Like Hanover, Riskin says turnkey systems, not EHR software itself, will be the answer here. (As an example, he points to the meaningful use stage 2 reporting modules popping up in today’s EHR systems.) Why? Organizations with underperforming EHR systems face the Catch-22 of solving immediate problems with a bad architecture now or trying to re-architect in a few years’ time.
If nothing else, market pressures will come into play. There’s “no conceivable future,” he says, when any EHR module will get an organization where it needs to be and it won’t have to improve outcomes or reduce costs, whether it’s through the accountable care organization (ACO), Medicare Home Health Compare or another risk- and value-based model.
Or, as Hanover puts it, “It’s about monetizing those EHR investments, and hospitals can’t do that without analytics.”
Success Stems From EHR Best Practices
Given the state of affairs, can anyone succeed in the fragmented EHR market? In Software Advice‘s ongoing EHR Software User Survey, the top system that respondents use, by a huge margin, is Other.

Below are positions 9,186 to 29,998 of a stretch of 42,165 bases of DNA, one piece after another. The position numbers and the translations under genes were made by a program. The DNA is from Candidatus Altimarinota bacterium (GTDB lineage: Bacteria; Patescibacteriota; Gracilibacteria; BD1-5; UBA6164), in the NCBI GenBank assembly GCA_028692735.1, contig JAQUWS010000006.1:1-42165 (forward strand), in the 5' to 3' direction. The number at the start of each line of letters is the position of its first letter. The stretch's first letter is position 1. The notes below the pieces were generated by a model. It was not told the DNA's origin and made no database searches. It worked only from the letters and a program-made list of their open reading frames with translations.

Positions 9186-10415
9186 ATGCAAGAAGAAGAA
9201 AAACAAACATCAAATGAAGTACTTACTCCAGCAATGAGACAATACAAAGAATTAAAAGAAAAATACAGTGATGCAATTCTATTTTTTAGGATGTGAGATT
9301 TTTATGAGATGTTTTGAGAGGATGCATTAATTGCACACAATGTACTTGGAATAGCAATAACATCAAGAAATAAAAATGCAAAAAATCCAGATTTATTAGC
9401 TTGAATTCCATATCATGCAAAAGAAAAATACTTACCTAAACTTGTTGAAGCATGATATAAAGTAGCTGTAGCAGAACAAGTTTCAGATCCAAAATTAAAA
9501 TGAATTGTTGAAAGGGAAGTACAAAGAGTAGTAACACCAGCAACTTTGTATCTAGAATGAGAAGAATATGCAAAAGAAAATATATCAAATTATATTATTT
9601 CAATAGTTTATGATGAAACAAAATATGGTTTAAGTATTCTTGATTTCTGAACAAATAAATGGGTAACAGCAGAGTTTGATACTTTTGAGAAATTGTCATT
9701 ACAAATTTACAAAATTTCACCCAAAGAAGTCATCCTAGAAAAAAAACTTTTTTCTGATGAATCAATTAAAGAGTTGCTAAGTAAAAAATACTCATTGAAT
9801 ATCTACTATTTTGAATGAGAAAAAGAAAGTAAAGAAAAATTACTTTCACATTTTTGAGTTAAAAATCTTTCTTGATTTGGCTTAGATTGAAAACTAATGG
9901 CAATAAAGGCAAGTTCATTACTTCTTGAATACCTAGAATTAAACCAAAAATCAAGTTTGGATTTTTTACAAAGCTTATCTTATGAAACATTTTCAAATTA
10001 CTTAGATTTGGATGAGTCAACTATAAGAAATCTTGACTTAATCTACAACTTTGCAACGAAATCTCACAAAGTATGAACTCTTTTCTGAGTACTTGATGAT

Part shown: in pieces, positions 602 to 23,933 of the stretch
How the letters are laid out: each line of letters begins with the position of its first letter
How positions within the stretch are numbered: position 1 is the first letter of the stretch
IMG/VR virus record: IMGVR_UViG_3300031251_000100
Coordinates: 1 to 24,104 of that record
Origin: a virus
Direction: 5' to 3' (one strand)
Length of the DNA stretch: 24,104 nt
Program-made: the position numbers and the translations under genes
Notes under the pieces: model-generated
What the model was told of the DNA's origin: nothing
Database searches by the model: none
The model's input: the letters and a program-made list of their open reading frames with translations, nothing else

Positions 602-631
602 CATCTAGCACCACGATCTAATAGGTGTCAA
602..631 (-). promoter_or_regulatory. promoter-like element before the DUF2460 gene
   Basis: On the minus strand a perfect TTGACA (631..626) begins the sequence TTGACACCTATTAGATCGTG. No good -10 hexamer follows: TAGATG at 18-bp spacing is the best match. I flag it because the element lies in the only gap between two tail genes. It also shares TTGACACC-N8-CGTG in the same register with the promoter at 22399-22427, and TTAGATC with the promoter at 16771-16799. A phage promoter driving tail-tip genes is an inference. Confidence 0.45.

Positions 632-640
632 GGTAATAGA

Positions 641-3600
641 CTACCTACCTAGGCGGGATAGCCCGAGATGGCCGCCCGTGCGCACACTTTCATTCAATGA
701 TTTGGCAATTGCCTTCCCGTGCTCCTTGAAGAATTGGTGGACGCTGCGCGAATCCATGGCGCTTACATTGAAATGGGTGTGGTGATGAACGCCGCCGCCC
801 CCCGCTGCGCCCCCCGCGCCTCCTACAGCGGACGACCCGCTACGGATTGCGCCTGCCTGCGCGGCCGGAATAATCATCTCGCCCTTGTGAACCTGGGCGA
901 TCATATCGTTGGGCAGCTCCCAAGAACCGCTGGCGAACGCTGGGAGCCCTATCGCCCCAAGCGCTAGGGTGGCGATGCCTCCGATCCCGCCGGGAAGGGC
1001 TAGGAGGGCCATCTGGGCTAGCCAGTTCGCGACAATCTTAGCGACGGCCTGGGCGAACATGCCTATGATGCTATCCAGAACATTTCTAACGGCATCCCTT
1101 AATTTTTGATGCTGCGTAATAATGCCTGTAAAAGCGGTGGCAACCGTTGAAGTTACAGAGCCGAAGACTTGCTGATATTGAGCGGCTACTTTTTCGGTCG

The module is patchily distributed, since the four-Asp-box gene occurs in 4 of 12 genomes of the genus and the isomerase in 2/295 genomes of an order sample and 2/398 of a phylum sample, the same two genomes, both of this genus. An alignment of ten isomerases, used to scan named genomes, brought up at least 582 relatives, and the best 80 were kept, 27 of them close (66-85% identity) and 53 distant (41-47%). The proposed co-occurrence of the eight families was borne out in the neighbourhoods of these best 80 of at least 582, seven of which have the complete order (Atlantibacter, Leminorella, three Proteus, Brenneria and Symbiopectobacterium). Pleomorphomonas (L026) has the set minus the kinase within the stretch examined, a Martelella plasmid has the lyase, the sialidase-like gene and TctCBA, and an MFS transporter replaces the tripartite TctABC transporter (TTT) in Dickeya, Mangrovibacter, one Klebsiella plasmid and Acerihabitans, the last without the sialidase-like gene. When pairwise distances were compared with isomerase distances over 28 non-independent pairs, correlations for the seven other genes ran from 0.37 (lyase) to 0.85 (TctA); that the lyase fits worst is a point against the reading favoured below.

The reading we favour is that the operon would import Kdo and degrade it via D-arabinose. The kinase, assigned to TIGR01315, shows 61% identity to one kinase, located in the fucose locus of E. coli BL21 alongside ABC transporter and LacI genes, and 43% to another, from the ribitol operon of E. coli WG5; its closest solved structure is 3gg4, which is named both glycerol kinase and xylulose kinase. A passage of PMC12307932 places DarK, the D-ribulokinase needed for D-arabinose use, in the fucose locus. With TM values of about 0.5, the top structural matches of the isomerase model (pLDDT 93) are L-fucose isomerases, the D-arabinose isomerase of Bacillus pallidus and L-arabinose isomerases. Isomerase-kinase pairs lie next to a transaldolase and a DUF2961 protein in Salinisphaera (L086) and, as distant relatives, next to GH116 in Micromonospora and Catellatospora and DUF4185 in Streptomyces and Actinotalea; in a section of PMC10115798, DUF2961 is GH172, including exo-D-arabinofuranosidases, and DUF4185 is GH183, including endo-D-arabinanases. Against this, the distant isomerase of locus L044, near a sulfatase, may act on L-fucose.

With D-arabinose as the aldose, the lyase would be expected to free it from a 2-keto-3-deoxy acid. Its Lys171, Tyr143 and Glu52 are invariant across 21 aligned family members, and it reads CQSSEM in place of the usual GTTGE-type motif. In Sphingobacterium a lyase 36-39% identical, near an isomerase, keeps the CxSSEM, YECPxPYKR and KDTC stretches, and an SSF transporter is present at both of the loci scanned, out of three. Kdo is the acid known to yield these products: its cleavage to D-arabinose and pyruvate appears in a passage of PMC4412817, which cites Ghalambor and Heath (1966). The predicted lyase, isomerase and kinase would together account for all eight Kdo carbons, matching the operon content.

As it stands, the EHR market is poised to grow for a few more years; only about half of U.S. hospitals have an EHR system. The challenge for vendors, of course, is that that segment is harder to convince than EHR early adopters. That said, many hospitals must replace homegrown or legacy EHR systems to meet stages 2 and 3 of meaningful use, as well as the more complex needs of the ACO model.
The worst thing that can happen, Haugen says, is for those leading the EHR implementation effort to return to their old roles after the go-live date. The work after that point is just as important — if not even more so — and involve a different level of engagement.
Otherwise an organization may find itself in an all-too-familiar position: Less efficient after more than a decade of EHR use than in the era of paper records. That problem is nearly impossible to solve, no matter which EHR vendor you choose.
Brian Eastwood is a senior editor for CIO.com with more than 10 years of experience writing, editing and producing content for newspapers and the Web. He is primarily responsible for working with CIO.com's contributors and columnists, who cover topics such as cloud computing, big data, development and architecture, personal tech, the IT channel, business applications, BYOD, consumerization and business / project management. Brian's specific area of interest and expertise is healthcare IT. Prior to CIO.com, Brian was an editor at TechTarget and a newspaper reporter in the Boston suburbs. Outside the office, Brian is a history buff with a particular interest in postwar Europe and a runner who recently finished his 11th marathon.